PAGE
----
47. Mr Lazarus said that Mr Ma had demonstrated both insight and a commitment to improve. No complaint has been made, and the HCPC was only aware of the matter because Mr Ma self-reported it. In referring to the history and chronology of the case, he did concede that Mr Ma did not put in a substantive response for two years, but indicated that he did not have the benefit of legal representation at that time.
48. Mr Lazarus submitted that this is a case of misconduct where misconduct has been admitted. There are testimonials that explicitly address ethical issues and indicate no concerns.
49. Furthermore, others with whom Mr Ma works reference his, “professional foresight” and say that he is the “first to identify professional risk.” Accordingly, Mr Lazarus submitted that as regards the personal component, the Registrant’s fitness to practise is not impaired.
50. In addressing the Panel on the public component, Mr Lazarus said that he did not wish to understate the gravity of the case. He said that this case was at the boundaries of the “Grant threshold”. He submitted that mitigating factors pushed Mr Ma’s conduct below that threshold and it was not necessary to find impairment on the public component. He submitted that this is a single and isolated error. Although there was the potential for harm, there was no substantive harm. The Registrant’s behaviour was misguided but there was no improper motive. Mr Ma was simply drawn to assist his client, at a time when he himself was under severe stress both in his professional and personal life.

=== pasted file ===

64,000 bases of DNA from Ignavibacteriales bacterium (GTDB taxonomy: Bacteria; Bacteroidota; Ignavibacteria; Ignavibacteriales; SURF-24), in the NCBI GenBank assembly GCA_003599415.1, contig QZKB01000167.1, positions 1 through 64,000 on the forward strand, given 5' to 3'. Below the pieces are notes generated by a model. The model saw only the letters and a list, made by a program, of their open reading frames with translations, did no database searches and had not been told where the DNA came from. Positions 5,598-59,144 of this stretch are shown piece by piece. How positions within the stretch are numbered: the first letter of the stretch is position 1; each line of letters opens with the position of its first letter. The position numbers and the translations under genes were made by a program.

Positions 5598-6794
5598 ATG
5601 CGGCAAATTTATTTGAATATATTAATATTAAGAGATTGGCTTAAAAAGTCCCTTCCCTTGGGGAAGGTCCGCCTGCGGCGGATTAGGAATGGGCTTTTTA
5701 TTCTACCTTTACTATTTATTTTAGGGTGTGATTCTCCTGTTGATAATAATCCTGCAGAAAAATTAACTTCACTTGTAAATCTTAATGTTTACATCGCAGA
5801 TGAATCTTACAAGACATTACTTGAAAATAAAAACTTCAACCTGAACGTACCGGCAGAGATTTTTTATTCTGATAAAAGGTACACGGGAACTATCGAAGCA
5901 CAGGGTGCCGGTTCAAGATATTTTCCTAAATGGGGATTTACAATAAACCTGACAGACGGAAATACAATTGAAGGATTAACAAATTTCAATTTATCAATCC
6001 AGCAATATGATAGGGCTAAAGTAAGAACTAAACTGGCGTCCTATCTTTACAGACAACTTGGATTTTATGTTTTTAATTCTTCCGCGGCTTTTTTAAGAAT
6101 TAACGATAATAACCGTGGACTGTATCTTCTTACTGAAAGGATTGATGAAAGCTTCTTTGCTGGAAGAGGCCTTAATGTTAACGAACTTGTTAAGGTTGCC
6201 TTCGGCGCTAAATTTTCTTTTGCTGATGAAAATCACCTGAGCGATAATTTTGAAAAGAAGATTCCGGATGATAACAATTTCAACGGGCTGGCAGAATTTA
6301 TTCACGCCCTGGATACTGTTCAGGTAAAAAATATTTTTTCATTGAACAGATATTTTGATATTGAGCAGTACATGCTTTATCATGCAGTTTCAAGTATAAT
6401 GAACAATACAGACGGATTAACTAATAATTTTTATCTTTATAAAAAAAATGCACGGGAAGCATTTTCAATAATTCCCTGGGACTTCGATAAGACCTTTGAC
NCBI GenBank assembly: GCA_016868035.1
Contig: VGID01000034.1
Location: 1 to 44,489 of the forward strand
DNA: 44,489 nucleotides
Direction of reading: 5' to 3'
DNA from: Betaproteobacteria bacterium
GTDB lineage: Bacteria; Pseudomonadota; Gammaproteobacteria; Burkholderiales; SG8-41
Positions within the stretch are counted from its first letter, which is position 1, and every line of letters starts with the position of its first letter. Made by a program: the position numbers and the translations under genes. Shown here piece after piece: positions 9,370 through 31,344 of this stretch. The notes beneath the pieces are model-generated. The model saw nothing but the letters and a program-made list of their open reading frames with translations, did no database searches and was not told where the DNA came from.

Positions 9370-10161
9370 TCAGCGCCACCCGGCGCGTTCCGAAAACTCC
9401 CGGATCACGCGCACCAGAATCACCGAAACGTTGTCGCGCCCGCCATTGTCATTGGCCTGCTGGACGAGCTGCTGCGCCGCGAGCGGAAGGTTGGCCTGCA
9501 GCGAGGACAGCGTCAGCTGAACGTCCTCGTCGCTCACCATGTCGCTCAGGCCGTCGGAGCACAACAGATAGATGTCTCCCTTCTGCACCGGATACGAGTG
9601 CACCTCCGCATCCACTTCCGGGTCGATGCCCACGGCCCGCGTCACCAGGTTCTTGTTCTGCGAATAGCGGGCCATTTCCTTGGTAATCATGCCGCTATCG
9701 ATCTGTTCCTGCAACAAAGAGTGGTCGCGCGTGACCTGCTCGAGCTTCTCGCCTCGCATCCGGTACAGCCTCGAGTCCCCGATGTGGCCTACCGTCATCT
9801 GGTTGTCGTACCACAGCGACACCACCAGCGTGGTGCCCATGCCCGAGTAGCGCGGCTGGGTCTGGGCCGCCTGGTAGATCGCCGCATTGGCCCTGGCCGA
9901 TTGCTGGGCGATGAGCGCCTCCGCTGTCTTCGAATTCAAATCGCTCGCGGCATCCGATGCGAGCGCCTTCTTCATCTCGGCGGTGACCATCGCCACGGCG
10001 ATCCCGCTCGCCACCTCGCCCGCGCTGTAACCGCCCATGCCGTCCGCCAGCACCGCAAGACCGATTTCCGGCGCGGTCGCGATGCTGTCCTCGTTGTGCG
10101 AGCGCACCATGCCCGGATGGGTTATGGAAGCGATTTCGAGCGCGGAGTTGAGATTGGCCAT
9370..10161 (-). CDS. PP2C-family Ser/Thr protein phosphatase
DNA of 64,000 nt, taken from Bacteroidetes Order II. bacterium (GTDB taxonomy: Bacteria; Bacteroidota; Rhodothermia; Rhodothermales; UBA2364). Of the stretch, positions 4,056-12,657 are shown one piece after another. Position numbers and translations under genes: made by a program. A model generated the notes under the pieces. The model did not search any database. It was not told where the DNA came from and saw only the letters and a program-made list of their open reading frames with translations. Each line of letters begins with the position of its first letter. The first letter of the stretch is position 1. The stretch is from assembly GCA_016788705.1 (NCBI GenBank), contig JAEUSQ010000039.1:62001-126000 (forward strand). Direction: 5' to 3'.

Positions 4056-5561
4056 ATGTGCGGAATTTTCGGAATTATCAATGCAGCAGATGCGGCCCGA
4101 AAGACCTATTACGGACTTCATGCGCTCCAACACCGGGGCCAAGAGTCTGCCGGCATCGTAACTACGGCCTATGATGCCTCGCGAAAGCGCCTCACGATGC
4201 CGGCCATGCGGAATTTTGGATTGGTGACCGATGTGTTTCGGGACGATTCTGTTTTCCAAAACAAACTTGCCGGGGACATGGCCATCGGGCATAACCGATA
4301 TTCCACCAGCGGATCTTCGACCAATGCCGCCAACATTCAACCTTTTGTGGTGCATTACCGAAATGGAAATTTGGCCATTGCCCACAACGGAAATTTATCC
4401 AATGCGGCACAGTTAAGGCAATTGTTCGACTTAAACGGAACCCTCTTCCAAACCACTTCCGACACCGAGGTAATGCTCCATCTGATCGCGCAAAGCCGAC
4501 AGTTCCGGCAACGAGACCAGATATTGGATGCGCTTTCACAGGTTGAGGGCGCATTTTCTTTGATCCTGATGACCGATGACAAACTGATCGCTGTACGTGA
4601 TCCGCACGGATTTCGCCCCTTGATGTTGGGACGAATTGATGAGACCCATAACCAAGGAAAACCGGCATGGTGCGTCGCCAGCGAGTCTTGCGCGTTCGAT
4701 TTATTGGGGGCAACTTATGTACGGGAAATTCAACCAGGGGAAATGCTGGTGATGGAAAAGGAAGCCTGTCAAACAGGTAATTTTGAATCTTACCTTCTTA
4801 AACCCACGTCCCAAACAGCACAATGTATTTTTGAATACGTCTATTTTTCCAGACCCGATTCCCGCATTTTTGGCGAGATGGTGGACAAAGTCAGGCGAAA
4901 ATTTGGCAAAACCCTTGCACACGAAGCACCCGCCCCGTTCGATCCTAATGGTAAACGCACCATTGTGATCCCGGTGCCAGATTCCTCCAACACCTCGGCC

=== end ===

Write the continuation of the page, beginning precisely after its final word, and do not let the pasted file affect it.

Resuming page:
51. Mr Lazarus submitted that the question is: “what would an impartial informed member of public think of this case?”. They would find that this was an exceptional case and that they are more likely to think, given the overall history of these proceedings, that a finding of impairment would have an unnecessarily disproportionate effect on the Registrant.
52. In considering impairment, the Panel has taken into account that the purpose of these procedures is not to punish the Registrant for past misdoing but to protect the public against the acts and omissions of those who are not fit to practise. The Panel is of the view that the Registrant did not act in a way that was consistent with his professional obligations within a multi-disciplinary team.